Have we ever paused and asked why Jamaicans are doing well today, the reason is not because they are bigger. It is the wholly because of the way and manner they do their things. They don’t train in America or anywhere in Europe. That is what made them distinctive and unyielding.

Again they gather their ex-internationals in various specialties and give them the assignments to groom and train the young ones. If Nigeria really wants to harness her full potentials we must emulate the Jamaicans the way they sustain their athletes. It is the true way forward. We must first and foremost stop chasing shadows and ensure we imbibe the best practices. Put the records straight by attributing such to individual that made it happen. Taking my hard earned record to another athlete remains one of the dark spots of AFN  authorities and l am still at a loss to pin point the reasons behind such act of dishonesty which no doubt sent very wrong signals out there. However, it is against that backdrop l had to set the record straight.

Why not try and pass it across to the authorities for implementation, it seems the Jamaican formula would be viable?

How many times would one do such? I can vividly recall that I made incisive suggestions to the committee set up shortly after the country’s dismal outing in London 2012 Olympics, what has happened to it and other equally useful ones from other specialists. The problem here is deep rooted, you are quite aware. There is no developmental progression chart on ground as we speak. There is still much Nigerian factor at work where we wholly rely on foreign legion. It has really been our undoing; however, when we take a break we will definitely get it right. The big unresolved question has been who will bail the cat? Let’s leave all that for now.

… But I would like if you could go on …?

Nothing is moving. Look at the gold medal I won 20 years ago in 1996 Atlanta Olympic Games is there, unbroken. How do you expect me to be happy about such development? It clearly showed athletics is static in the country of over 170 million people where naturally talented athletes are in abundance. Athletics should be as dynamic as ever. That 20 years old record ought not to be intact.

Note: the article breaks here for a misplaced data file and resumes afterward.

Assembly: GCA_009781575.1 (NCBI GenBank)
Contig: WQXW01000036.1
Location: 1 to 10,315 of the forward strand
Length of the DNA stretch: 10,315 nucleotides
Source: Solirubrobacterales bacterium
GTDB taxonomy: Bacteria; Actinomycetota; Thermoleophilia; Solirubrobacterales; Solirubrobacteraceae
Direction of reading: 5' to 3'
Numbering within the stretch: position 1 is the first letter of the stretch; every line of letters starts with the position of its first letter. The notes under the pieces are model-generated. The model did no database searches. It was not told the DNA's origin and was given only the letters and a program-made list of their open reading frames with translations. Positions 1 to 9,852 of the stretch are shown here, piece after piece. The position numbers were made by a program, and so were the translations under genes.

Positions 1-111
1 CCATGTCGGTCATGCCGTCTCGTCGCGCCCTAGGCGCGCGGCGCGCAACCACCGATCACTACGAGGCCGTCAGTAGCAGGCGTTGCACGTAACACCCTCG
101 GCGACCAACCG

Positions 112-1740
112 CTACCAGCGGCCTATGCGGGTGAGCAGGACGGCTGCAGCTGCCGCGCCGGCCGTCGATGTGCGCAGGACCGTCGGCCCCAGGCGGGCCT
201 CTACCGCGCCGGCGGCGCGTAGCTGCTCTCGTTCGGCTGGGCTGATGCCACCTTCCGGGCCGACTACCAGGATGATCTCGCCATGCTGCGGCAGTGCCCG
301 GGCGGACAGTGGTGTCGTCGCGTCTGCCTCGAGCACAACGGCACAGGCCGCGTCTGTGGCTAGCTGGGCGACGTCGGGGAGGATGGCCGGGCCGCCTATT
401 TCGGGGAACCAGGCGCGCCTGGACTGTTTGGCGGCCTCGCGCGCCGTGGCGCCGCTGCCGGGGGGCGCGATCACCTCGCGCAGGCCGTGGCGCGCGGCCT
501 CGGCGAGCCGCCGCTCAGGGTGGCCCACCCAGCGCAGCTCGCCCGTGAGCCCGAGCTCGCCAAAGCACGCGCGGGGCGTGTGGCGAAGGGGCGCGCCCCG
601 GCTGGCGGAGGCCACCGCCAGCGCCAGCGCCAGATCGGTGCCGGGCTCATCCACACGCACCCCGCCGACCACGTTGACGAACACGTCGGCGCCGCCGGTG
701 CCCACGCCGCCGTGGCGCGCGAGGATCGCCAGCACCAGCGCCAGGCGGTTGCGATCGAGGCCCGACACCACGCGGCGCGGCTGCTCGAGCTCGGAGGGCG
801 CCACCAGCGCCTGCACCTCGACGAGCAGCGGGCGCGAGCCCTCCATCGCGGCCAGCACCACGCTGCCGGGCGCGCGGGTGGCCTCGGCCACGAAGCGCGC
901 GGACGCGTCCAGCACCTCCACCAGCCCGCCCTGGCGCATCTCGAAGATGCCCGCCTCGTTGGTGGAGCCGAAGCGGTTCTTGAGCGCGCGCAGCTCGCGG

Look at this, you can remember that Okagbare broke my record of 10.84 seconds; they said it was Gloria Alozie’s record. It is wrong attribution. It is my record. That further proved that Nigerians don’t like me. Alozie changed nationality and ran for Spain. Whereas when I finished in Atlanta, I was told to stay back, even the United Kingdom was so interested to make me change citizenship. I vowed to never against my country’s interest. I never allowed money to move me. Head or tail I don’t regret it.

Let me make it clearer that I was mismanaged by those bigwigs administering sports during my time. Just to help me get a first-rate coach, I sat down all day waiting to see any of those tin-gods in our sports arena that time without any success. They blocked all avenues for me to further my bubbling athletics career. Chief Segun Odegbami tried but the powers that be then were so unyielding. They ensured I was not given a chance to fully exploit the potentials of Atlanta Olympics success because self-centeredness that have killed our sports. The raw and open fact remains that I am not happy that my 20-year old Atlanta 1996 Olympics record is still intact, which clearly shows nothing is going on in athletics and other sports generally. It is the way we have been, which is too sad.

What is your advice to the young ones?

The young ones should not relent if they want to make any meaningful impact on their chosen athletics. The frustration from the top has been an age old thing in Nigerian sports. Only those with resilient spirit move on. It is the survival of the fittest. If you decide to wait for any AFN or Sports Ministry official, you are gone. I vehemently believe that ex-internationals can turn sports around in the country if we courageously adopt and implement the Jamaican model or pattern not of course with our usual lip service antics. Sadly, nobody is ready to give the ex-internationals chance to impart what they garnered over the years before retiring.  It is my vehement belief that succour would come one day and our athletics cum sports would excel.

•Photo shows Olympic legend Chioma Ajunwa-Opara.

Source Daily Sports

Posted June 26, 2016